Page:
409. Telegram From the Embassy in Vietnam to the Department of State1

1445. For the Secretary from Ambassador Taylor. Ref: A. Deptel 1034. B. Embtel 1440.2 Reference A was received just before dispatch of Reference B which, I believe, goes far toward meeting your request for our planning thoughts for use in the development of your papers. As I read Reference A, you would appear to be considering something like the short-term military program of Reference B for the period roughly from end November until January. At that time, we would move into an overt series of graduated military actions combined with political pressures-generally speaking, the “subsequent projects’ mentioned in the second paragraph of Reference B.

We have had a great deal of discussion here as to the minimum level of government required to justify mounting military pressures against the North. I would describe that minimum government as one capable of maintaining law and order in the urban areas, of securing vital military bases from VC attacks, and gearing its efforts with those of the USG. As Reference B indicates, we do not expect such a government for three to four months-perhaps not then if the current attempts to chip away at the Huong government continue. Question: Do we withhold all action against the DRV (except those of the morale sustaining type) until we get this minimum government? What if we never get it?

My own answer would be that it is highly desirable to have this kind of minimum government before accepting the risks inherent in any escalation program. However, if the government falters and gives good reason to believe that it will never attain the desired level of performance, I would favor going against the North anyway. The [Page 900] purpose of such an attack would be to give pulmotor treatment for a government in extremis and to make sure that the DRV does not get off unscathed in any final settlement.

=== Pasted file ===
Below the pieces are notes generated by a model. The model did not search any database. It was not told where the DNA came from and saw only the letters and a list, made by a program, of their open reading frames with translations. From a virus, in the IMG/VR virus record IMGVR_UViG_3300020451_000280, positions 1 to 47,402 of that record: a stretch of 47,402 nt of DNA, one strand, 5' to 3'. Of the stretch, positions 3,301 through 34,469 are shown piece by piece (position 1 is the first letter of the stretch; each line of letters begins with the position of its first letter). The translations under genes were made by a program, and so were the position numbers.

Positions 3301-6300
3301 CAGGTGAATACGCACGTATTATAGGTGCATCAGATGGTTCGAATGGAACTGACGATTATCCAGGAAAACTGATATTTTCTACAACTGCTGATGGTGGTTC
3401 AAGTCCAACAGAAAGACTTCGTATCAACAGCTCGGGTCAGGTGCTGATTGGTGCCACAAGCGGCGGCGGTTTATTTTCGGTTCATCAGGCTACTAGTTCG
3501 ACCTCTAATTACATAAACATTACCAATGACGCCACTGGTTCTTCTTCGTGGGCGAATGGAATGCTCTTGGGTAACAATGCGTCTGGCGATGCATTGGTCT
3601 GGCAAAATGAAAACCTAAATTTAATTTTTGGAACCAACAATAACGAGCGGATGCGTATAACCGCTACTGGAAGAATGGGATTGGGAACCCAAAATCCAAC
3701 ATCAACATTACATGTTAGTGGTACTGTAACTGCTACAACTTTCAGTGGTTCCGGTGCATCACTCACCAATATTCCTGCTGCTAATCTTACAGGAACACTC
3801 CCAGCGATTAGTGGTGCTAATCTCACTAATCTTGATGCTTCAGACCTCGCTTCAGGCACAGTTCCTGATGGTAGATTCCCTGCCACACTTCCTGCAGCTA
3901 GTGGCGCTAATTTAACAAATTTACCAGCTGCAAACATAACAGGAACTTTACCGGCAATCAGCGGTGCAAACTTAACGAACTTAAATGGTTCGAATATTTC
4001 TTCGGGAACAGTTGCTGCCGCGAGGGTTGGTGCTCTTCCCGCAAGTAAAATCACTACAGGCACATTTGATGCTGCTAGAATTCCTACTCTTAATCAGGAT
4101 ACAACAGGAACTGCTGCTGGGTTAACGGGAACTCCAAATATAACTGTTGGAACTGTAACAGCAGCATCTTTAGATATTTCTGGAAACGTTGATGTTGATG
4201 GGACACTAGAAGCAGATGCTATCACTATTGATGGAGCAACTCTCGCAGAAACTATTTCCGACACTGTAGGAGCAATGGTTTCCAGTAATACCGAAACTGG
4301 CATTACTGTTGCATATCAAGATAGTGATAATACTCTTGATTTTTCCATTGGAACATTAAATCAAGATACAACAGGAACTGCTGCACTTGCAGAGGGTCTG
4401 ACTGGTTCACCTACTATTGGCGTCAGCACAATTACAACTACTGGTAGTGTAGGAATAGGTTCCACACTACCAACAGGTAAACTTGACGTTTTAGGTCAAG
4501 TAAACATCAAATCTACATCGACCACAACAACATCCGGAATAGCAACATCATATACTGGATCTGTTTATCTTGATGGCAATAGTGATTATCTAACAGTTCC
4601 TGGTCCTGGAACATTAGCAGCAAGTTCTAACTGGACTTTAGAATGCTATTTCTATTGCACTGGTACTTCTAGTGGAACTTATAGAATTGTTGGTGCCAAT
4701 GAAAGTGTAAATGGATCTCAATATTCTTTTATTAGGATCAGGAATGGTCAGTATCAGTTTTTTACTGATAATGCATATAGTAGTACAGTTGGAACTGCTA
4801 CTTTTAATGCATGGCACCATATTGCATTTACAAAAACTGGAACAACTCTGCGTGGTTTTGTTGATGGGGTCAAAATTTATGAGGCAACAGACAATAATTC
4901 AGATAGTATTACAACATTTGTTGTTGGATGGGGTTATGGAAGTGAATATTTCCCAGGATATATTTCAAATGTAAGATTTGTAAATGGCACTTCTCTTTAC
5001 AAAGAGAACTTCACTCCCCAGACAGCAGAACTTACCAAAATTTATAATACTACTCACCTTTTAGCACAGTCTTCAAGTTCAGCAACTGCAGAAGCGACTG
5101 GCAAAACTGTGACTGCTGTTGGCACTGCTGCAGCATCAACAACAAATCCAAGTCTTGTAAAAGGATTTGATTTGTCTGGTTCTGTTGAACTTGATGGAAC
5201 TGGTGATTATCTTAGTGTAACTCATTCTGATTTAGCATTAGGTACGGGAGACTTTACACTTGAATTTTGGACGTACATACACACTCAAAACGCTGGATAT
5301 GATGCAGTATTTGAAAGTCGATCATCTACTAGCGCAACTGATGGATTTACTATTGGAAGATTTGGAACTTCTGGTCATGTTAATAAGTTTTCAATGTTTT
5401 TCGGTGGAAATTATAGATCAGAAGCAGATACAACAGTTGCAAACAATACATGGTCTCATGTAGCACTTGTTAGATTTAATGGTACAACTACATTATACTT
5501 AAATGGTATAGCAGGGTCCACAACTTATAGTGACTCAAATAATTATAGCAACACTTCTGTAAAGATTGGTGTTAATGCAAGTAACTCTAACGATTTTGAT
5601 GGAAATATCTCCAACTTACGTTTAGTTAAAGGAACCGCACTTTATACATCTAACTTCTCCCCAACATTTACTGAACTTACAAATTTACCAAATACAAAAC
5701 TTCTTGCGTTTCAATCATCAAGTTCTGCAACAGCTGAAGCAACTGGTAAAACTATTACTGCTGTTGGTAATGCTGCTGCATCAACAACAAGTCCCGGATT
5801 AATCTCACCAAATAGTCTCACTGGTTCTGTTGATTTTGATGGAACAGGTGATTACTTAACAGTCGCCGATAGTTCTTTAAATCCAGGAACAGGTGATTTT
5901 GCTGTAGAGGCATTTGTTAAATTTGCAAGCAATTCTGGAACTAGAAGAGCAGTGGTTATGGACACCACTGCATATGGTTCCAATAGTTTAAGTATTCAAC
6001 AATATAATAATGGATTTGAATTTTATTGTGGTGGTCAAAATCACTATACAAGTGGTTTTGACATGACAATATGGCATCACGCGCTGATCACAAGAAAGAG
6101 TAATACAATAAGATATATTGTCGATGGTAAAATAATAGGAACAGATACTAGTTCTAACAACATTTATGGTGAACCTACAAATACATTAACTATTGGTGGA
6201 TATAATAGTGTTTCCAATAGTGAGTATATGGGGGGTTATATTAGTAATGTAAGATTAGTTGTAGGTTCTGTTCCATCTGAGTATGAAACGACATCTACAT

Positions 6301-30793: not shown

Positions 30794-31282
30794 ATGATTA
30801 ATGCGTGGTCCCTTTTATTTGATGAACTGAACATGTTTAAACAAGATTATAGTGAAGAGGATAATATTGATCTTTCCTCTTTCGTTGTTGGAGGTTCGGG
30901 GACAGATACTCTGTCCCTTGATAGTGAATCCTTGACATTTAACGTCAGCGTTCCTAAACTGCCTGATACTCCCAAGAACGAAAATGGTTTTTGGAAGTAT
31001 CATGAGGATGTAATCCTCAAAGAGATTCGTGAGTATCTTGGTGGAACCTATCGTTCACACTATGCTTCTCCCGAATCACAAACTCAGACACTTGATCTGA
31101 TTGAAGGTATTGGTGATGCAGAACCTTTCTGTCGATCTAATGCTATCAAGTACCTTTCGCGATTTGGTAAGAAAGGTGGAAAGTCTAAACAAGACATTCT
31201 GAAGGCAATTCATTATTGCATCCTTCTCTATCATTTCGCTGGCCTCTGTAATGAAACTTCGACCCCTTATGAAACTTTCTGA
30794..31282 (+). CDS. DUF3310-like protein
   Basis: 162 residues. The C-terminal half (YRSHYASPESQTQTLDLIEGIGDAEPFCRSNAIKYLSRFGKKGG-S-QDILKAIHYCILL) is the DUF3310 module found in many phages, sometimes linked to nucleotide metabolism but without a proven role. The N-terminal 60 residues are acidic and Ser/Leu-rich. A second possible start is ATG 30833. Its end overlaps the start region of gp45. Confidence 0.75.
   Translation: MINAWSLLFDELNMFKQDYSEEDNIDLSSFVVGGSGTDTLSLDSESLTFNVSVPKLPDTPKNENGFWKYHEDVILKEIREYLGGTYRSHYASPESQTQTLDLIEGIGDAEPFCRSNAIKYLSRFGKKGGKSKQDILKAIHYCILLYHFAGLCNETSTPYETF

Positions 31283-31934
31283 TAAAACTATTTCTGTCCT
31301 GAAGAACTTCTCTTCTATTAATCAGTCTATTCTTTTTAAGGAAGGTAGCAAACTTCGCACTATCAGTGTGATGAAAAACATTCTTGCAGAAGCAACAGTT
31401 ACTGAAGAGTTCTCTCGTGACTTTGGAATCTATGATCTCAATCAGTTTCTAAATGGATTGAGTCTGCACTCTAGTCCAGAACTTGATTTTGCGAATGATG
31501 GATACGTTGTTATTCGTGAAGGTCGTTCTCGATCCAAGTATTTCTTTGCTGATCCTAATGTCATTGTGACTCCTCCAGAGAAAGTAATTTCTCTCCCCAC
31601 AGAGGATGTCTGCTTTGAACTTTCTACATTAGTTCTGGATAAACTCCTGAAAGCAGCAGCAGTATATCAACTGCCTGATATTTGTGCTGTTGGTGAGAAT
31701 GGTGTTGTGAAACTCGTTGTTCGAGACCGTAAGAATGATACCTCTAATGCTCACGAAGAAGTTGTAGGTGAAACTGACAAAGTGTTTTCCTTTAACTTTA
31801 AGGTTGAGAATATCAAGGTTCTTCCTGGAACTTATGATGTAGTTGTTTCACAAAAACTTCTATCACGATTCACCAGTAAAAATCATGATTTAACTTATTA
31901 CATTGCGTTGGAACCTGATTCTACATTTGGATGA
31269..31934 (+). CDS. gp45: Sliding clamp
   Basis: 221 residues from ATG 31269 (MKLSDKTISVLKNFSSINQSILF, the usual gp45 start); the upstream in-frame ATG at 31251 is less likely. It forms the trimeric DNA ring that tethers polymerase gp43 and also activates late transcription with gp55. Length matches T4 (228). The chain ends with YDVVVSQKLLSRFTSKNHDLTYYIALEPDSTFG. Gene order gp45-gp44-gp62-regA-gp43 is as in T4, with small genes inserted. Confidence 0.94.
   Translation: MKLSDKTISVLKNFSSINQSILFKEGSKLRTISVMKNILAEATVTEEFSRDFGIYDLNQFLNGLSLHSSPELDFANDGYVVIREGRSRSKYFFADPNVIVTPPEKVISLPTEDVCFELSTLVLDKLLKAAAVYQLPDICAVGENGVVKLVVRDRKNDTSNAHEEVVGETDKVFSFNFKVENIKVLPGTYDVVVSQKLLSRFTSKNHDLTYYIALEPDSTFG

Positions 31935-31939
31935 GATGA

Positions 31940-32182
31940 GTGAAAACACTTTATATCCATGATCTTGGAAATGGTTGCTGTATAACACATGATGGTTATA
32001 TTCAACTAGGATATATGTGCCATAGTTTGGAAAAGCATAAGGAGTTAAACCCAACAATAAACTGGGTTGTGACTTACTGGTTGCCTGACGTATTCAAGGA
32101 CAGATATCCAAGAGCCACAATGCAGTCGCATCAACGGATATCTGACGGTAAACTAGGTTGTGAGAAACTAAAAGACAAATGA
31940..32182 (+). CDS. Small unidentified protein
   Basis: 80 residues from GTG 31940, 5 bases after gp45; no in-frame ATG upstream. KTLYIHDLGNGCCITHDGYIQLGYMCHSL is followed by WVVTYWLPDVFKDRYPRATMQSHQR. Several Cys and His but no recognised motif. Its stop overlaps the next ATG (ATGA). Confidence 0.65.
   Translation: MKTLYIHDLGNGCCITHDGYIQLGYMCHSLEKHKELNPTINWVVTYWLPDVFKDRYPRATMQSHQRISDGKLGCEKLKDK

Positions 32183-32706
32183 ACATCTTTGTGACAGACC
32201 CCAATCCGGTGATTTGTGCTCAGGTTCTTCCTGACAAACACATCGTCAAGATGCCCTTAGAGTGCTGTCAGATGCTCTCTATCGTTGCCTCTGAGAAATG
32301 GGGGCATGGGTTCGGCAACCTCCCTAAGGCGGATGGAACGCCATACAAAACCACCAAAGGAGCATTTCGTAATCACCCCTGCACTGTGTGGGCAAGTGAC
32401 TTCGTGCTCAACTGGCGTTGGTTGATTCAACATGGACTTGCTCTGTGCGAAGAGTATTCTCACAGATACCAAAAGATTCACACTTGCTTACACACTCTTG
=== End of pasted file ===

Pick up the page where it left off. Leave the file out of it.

In the final paragraph of Reference A, it is suggested that I might take up this question of direct action against the DRV with Huong, Khanh and others before I return and before the USG reaches final decision. I do not see how I could do this except in the most general terms until we know ourselves what we intend to do. I have already suggested vaguely to Khanh and Huong that we could give consideration to various new courses of action once a reliable government is established.

With regard to stiffening the GVN to set its household in order and to press for political stability and the proper execution of the pacification program, I know of no words of eloquence or of persuasion which have not been tried in the past. At the moment the problem is not so much with the government, which means well, as with major outside groups such as some Buddhists, Catholics and politicians who refuse to give it support and are trying to tear it down before it even has a chance. Quat’s refusal to serve in the government is symptomatic of this attitude. We have gone so far as to suggest that this government may represent the last chance for a common victory. I point to articles in the American press showing clearly that the American people are becoming impatient with the politicking in Saigon with enemy at the gates of the city. My Vietnamese listeners never argue back but sadly acquiesce in the validity of such judgments. Unfortunately, they do not know how to remedy the situation, except at some damage to what they feel are their personal interests, and for all too many Vietnamese this is unthinkable.

Nevertheless we cannot abandon this enterprise. In spite of their inability yet to find a way of governing themselves, there is still much on which to build in the way of an individually capable and courageous people who do not want to be run by the North. There is also a surprising amount of vitality and resiliency in the country as a whole which remain generally unaffected by the political turmoil in Saigon. Thus we must hang on, doing our best in the hope that out of this welter some real leadership will eventually emerge, and play for the breaks. Taking the initiative against the North is one way to force the breaks.

In summary, the approach which I would like to make now to the GVN is that contained in the final paragraph of Reference B. We shall be very much interested in receiving your draft papers when they are ready.

  1. Source: Department of State, Central Files, POL 27 VIET S. Top Secret; Immediate; Nodis. According to another copy, this telegram was drafted by Taylor. (Ibid., Saigon Embassy Files: Lot 68 F 8)
  2. Documents 407 and 408.